Colorado’s charge of Reckless Endangerment (C.R.S. 18-3-208) is a very short statute. It simply states, “A person who recklessly engages in conduct which creates a substantial risk of serious bodily injury to another person commits reckless endangerment, which is a class 3 misdemeanor.”
If it seems like the terms of this statue are open for interpretation, you are right. Sometimes, Colorado lawmakers use subjective language so judges, magistrates or juries (also known as triers of fact) are able to apply their own sense of reason to each case. While it can be useful, it can also have negative consequences.
What is “Reckless” in Reckless Endangerment?
People in Denver, Jefferson or Adams County will agree that it is reckless to drive on I-25 with a person sitting on the hood of a car. However, not everyone will agree that driving with someone in the bed of a pickup truck is a reckless act. What if it is a 16 year old? Some think it reckless and some don’t. There are plenty of examples of things we disagree on. Shouldn’t the law on Reckless Endangerment be more precise?
What is a Substantial Risk?
Everyone views risk differently. I ride a motorcycle, and for the enjoyment I get from riding I am willing to accept more risk than those who don’t. I realize I am more likely to suffer substantial bodily injury then if I drove a car, but the additional risk is worth it to me. To mitigate my risk I always wear a helmet when riding. However, I have friends who don’t. The point is, we all have different ideas of what substantial risk is.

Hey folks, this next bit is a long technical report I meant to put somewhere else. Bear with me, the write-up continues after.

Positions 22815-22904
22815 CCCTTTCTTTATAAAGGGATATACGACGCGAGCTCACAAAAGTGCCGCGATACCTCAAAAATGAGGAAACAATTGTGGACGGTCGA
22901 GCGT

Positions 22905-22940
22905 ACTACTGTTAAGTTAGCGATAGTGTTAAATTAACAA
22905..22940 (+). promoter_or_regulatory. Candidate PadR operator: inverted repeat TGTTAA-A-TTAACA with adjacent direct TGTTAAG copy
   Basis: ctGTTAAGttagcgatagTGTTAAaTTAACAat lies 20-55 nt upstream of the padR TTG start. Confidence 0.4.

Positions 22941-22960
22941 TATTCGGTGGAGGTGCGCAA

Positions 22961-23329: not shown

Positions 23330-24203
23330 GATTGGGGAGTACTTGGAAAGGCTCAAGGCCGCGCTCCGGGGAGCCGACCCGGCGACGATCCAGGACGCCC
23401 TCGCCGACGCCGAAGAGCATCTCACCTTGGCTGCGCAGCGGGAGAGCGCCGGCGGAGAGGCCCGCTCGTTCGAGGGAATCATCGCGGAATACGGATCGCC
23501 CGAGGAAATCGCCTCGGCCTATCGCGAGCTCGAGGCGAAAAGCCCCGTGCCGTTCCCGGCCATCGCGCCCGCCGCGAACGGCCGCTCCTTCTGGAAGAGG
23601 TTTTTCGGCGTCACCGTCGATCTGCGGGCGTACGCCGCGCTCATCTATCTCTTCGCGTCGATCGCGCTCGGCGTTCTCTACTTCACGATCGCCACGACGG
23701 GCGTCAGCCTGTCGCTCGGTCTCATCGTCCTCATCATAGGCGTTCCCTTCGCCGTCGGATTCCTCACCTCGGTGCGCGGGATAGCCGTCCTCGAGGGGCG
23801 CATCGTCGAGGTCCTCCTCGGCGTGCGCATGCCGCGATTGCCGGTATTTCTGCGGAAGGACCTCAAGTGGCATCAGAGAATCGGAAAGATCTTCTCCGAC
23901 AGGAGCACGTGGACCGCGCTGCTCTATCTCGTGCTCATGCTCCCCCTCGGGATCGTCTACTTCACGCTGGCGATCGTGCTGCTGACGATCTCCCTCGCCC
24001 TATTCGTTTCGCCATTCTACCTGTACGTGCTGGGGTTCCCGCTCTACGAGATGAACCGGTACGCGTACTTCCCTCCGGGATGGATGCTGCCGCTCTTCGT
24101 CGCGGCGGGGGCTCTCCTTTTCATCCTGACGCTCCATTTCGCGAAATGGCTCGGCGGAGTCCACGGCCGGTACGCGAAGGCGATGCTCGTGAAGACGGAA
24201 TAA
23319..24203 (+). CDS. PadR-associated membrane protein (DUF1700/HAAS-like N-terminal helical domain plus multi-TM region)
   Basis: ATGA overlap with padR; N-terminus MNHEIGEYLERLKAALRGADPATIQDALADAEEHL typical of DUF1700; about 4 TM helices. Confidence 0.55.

When I was a kid, I didn’t know anyone who wore a seatbelt, and strapping a child into a safety seat was considered cruel and unusual punishment. And what about bicycle helmets, ski helmets, and body armor for roller skates? There are countless examples of what used to be considered acceptable levels of risk which are now thought to be extremely dangerous. Not only do these standards change with time, they also differ depending on where we live. Compare an eastern Colorado ranch vs. downtown Denver.
What’s the Problem?
The problem with subjectivity in our laws is that it becomes difficult to predict what is permissible and what is not. Consequently, decent people live with uncertainty and sometimes end up in court fighting charges like Reckless Endangerment simply because a prosecutor has a different idea of what is “reckless” and what is a “substantial risk”. In the real world, this is a problem because any criminal record will have a negative impact on employment and housing, resulting in lifelong punishment for minor infractions of the law.
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